(Literary Criticism (1400-1800))

SOURCE: “‘Voylà, mes dames …’: Inscribed Women Listeners and Readers in the Heptameron,” in Critical Tales: New Studies of the Heptameron and Early Modern Culture, edited by John D. Lyons and Mary B. McKinley, University of Pennsylvania Press, 1993, pp. 104-22.

[In the following essay, Bauschatz contends that the Heptameron is primarily directed at a female audience, and this intention is reflected in a disruption of the traditional narrative structure.]

Many critics of the Heptameron have appeared frustrated or baffled in their attempts to find a coherent and unified message in the book. Rather than reaching any sort of closure,...

(The entire section is 8812 words.)

Mary B. McKinley (essay date 1993)

(Literary Criticism (1400-1800))

SOURCE: “Telling Secrets: Sacramental Confession and Narrative Authority in the Heptameron,” in Critical Tales: New Studies of the Heptameron and Early Modern Culture, edited by John D. Lyons and Mary B. McKinley, University of Pennsylvania Press, 1993, pp. 146-71.

[In the essay that follows, McKinley elaborates the connection between the institutional requirement of women's speech in confession and the increasing authority of that speech on the part of individual women in the Renaissance.]

Confession is to be made before the eyes of all in an open place, to prevent a rapacious wolf from sneaking into corners and causing unthinkably...

(The entire section is 11387 words.)

Judy Kem (essay date 1993)

(Literary Criticism (1400-1800))

SOURCE: “Sins of the Mother: Adultery, Lineage and Law in the Heptaméron,” in Heroic Virtue, Comic Infidelity: Reassessing Marguerite de Navarre's Heptaméron, edited by Dora E. Polachek, Hestia Press, 1993, pp. 51-9.

[In the following essay, Kem examines the diverse moral judgments regarding adultery made by the listeners in the Heptameron.]

At the end of “Novella 40” in Marguerite de Navarre's Heptaméron (1559), the devisants discuss the role that class distinctions play in marriage. Saffredent asks why it is wrong for a simple gentleman to marry a woman of the high nobility to which Dagoucin responds:

...

(The entire section is 3226 words.)

Patricia Francis Cholakian (essay date 1993)

(Literary Criticism (1400-1800))

SOURCE: “Heroic Infidelity: Novella 15,” in Heroic Virtue, Comic Infidelity: Reassessing Marguerite de Navarre's Heptaméron, edited by Dora E. Polachek, Hestia Press, 1993, pp. 62-76.

[In the essay that follows, Cholakian traces the tensions within Marguerite de Navarre's authorial voice and identifies a “feminine difference” in her retelling of traditional narratives.]

One of the questions raised by present-day debates about women and literature is that of what constitutes a feminine difference in women's writing. In teasing out an answer to this question in the Heptaméron, I want to use two approaches. The first is what Nancy K. Miller calls...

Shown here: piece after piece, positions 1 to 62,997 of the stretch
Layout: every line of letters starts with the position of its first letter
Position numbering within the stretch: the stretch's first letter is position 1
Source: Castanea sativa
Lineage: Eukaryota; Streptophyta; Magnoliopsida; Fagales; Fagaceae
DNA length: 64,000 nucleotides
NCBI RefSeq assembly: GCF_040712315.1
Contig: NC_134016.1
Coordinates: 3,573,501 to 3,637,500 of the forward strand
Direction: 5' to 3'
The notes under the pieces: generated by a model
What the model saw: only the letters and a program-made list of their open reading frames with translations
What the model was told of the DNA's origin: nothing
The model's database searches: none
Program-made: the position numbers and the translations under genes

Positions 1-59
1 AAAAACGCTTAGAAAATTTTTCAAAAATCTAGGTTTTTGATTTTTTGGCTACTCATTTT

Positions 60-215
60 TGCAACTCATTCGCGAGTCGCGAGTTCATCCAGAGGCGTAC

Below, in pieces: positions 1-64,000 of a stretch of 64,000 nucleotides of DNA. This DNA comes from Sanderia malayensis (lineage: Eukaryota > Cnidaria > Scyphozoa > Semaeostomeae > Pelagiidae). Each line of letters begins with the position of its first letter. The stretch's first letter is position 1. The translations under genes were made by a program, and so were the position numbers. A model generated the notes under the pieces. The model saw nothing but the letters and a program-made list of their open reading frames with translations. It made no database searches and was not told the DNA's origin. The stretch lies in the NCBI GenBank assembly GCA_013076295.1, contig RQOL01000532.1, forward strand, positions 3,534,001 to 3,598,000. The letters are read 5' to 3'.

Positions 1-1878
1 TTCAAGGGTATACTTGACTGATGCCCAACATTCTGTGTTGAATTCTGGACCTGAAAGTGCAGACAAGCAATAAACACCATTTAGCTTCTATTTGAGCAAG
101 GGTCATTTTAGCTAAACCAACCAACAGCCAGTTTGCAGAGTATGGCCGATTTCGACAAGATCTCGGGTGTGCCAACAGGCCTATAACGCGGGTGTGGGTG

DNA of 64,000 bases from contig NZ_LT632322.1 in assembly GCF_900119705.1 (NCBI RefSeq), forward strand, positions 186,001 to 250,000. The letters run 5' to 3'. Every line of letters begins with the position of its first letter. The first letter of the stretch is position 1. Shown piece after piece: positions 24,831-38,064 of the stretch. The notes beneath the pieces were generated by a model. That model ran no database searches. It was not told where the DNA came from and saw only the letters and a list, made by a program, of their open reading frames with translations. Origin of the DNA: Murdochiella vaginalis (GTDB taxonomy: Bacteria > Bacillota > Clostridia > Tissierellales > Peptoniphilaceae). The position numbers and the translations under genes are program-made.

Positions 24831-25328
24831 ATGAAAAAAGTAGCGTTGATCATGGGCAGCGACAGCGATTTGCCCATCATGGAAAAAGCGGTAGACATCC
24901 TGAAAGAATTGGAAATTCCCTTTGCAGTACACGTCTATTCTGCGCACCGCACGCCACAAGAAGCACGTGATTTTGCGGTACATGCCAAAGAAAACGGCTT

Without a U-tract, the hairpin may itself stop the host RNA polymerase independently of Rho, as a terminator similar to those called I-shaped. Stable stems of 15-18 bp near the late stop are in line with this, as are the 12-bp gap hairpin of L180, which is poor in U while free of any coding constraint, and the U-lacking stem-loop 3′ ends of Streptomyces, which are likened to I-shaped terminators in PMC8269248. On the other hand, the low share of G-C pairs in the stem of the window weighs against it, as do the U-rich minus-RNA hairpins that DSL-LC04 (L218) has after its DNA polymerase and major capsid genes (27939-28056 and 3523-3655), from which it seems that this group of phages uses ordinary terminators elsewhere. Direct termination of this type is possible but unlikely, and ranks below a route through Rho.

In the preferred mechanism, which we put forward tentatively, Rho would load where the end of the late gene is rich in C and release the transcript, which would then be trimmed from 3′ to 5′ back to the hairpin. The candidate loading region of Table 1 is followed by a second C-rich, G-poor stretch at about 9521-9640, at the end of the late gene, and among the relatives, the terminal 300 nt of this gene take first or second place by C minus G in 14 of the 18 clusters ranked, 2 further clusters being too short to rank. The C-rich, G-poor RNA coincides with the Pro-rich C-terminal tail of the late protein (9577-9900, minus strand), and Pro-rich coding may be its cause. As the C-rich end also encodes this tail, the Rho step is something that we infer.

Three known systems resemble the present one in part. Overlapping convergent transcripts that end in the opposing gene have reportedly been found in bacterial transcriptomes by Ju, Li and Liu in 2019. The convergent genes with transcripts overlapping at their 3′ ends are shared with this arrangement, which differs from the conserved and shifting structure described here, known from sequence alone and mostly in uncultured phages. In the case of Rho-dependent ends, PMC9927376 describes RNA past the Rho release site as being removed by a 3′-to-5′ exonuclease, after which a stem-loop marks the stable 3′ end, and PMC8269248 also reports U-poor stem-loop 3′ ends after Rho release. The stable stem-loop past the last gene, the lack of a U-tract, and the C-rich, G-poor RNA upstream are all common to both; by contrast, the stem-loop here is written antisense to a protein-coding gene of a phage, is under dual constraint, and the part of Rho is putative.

(The entire section is 5849 words.)

Jeffrey C. Persels (essay date 1993)

(Literary Criticism (1400-1800))

SOURCE: “‘Qui sommes tous cassez du harnoys’ or, the Heptaméron and Uses of the Male Body,” in Heroic Virtue, Comic Infidelity: Reassessing Marguerite de Navarre's Heptaméron, edited by Dora E. Polachek, Hestia Press, 1993, pp. 90-102.

[In the following essay, Persels discusses Marguerite's challenge to the image of the aggressive and exaggeratedly virile male body.]

The Heptaméron offers discursive portraits of five men who represent the few possible variations on the theme of noble Early Modern masculinity, from the apparently uncompromising, ostentatious virility of Hircan to the ultimately misleading, Neo-Platonic “feminism” of...

(The entire section is 5021 words.)

Carla Freccero (essay date 1994)

(Literary Criticism (1400-1800))

SOURCE: “Practicing Queer Philology with Marguerite de Navarre: Nationalism and the Castigation of Desire,” in Queering the Renaissance, edited by Jonathan Goldberg, Duke University Press, 1994, pp. 107-23.

[In the essay that follows, Freccero discusses the significance of a passing reference to Lucretia in the context of the Heptameron's depictions of marriage, desire and law.]

Every encounter with a representation of the rape of Lucretia is an encounter with a literary topos of Western civilization. And, as topos, the meaning of this rape is constructed as universal, transcending historical conditions: in every age and...

(The entire section is 7023 words.)

Timothy Hampton (essay date 1996)

(Literary Criticism (1400-1800))

SOURCE: “On the Border: Geography, Gender and Narrative Form in the Heptaméron,” in Modern Language Quarterly, Vol. 57, No. 4, December, 1996, pp. 517-44.

[In the following essay, Hampton reads the Heptameron as a reflection of the shifting political and ideological ground of the Renaissance.]

Gallia est omnis divisa in partes tres.

—Caesar

STORIES AND THE STATE

The Heptaméron (1559) takes place on disputed territory. Marguerite de Navarre's prologue to her collection of framed tales focuses on the adventures of a group of aristocrats who have come to take the waters at Cauterets, in...

(The entire section is 11579 words.)